The Leadership Insider network is an online community where the most thoughtful and influential people in business contribute answers to timely questions about careers and leadership. Today’s answer to the question “How can you turn an internship into a full-time job?” is by Ryan Harwood, CEO of PureWow.
Internships are typically your first experience in the work world. It’s unknown territory. And while there is no exact formula for turning your internship into a full-time job (especially at a small startup), here is some advice that could be helpful, no matter what industry or office you’re working in:
This seems like frivolous advice, but nothing will benefit you more than building lasting relationships. Introduce yourself to people (unprompted). Attend company events (and mingle). Get lunch with your coworkers. All these little things help people remember you, so when a position becomes available they won’t be heading to LinkedIn, they’ll be calling you.
Keep your expectations in check
The worst thing you could possibly do is to head into an internship expecting to get a job. No one is going to hand anything to you. Instead, focus on doing your best work, and going above and beyond expectations. When I held my first internship, I was tasked with browsing around for competitive intelligence. This seemed like a mindless task, but instead of handing my boss a bunch of random ideas at the end of the day, I spent time figuring out which ones were working, which were not, and why. Eventually a few of these ideas actually passed in a product meeting and one was fully implemented.
Again, obvious advice, but as an intern no task should be beneath you. You may be writing a story for the website one day, but that doesn’t mean that you can’t be getting coffee and collating papers the next. Remember, you’re there to help them, and only then will they be more willing to help you.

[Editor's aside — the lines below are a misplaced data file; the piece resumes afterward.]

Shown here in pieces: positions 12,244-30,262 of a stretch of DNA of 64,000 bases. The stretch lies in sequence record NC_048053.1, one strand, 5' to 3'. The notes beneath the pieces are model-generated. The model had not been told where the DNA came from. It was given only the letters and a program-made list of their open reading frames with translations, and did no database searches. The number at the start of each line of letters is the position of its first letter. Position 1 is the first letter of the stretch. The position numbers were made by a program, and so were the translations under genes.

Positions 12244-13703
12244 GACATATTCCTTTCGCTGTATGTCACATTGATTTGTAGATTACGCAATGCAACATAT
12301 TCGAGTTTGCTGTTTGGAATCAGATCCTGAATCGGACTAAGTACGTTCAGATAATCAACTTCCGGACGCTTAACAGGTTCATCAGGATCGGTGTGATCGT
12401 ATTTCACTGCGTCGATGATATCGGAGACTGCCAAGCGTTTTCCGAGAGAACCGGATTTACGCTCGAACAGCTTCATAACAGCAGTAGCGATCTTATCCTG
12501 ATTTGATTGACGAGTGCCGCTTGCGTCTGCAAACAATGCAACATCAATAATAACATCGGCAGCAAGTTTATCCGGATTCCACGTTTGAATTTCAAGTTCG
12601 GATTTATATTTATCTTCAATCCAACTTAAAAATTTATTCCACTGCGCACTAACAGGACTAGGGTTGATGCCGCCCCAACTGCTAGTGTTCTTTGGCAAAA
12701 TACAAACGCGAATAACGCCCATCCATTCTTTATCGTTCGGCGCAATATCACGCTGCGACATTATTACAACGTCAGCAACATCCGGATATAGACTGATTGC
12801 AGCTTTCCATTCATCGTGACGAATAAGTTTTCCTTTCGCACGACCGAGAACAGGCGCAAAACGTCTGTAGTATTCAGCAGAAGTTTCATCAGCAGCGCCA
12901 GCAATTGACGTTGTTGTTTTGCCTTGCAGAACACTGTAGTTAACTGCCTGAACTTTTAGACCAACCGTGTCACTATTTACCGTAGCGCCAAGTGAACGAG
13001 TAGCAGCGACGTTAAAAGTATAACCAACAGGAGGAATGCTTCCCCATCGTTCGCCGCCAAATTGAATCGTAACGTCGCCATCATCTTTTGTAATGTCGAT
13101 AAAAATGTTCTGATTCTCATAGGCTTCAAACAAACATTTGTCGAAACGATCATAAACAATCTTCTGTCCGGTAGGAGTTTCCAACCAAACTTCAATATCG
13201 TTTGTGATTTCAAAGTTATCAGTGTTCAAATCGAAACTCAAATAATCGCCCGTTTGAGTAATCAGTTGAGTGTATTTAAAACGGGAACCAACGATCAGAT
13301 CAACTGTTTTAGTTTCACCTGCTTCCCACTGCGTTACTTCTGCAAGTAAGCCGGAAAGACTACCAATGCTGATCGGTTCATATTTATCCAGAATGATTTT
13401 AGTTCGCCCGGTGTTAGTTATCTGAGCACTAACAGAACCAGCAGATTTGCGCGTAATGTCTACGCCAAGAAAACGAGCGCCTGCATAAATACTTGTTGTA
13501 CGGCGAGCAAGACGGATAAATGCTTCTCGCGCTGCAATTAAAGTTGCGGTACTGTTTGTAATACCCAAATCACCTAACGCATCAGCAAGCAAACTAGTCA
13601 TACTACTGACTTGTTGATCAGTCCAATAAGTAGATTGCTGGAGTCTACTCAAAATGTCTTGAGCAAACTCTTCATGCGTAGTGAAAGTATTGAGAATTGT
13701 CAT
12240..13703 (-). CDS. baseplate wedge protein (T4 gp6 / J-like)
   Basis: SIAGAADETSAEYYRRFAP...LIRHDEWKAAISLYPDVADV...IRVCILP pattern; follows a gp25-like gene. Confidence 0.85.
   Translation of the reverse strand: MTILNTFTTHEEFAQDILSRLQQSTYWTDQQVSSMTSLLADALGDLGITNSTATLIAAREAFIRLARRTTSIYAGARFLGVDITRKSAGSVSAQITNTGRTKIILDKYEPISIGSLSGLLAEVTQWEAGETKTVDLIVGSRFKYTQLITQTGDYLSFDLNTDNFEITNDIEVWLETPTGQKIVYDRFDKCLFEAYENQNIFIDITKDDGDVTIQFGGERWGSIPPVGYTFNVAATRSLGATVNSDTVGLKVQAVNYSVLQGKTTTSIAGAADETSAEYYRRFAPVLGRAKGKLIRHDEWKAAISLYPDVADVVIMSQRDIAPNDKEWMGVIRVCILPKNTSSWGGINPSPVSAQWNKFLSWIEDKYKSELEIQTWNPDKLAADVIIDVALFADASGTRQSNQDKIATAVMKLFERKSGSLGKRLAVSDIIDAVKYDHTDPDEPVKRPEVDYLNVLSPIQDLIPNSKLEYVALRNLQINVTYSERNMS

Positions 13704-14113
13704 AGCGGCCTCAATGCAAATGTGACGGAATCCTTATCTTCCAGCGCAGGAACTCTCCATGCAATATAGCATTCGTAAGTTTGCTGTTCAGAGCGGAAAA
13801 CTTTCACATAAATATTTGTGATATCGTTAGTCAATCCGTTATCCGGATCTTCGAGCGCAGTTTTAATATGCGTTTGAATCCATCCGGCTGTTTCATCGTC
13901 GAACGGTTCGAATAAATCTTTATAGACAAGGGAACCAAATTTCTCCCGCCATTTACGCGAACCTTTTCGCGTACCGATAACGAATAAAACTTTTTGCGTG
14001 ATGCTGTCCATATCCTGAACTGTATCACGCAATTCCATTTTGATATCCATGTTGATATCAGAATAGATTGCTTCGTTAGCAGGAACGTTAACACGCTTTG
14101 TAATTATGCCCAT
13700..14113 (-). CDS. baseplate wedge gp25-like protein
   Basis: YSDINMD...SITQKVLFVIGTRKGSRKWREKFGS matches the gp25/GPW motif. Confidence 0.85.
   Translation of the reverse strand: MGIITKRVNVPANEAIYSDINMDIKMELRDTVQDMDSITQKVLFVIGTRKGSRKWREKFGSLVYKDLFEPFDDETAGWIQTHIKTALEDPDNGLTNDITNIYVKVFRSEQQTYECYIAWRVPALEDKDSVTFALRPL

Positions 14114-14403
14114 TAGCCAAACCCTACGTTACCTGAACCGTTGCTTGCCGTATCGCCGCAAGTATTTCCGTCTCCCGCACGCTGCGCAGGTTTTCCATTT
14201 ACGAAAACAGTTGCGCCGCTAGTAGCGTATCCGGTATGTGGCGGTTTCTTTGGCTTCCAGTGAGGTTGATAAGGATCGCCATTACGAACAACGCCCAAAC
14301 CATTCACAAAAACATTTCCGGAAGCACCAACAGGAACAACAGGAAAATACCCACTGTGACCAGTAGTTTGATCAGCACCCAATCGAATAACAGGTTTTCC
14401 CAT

Beginning an internship is intimidating. Everyone around you operates the same way and somehow understands this secret unspoken language. As an intern you may feel like you’re bumbling through the office with a very limited idea of how things work, but confidence in your own abilities is so important. Because if you don’t believe you deserve a job, they won’t either.
Be unafraid to fail
It’s easy to use the excuse–“I’m an intern and I haven’t been here long enough”or “I don’t know how this works and I can’t do this.” But it’s better to try and try again, even if you completely miss your mark. This will show your coworkers you’re willing to take risks and not afraid to fail.
Use your time wisely
There will come a time when you’re an intern and you complete a task, but everyone else is busy, and you will essentially have “nothing” to do. The difference between a good intern and great intern is what they do when they have nothing to do. A great intern sees the end of their to-do list as an opportunity to find new projects or meet new people, essentially becoming more valuable to the team. So instead of sitting around stalking the Kardashian’s or obsessively checking ESPN, come up with organized, researched ideas. Your eagerness to go above and beyond will leave a lasting impression, and showcase your creativity.
Read all answers to the Leadership Insider question: How can you turn an internship into a full-time job?
3 ways to turn your internship into a full-time job by Dan Rosensweig, CEO of Chegg.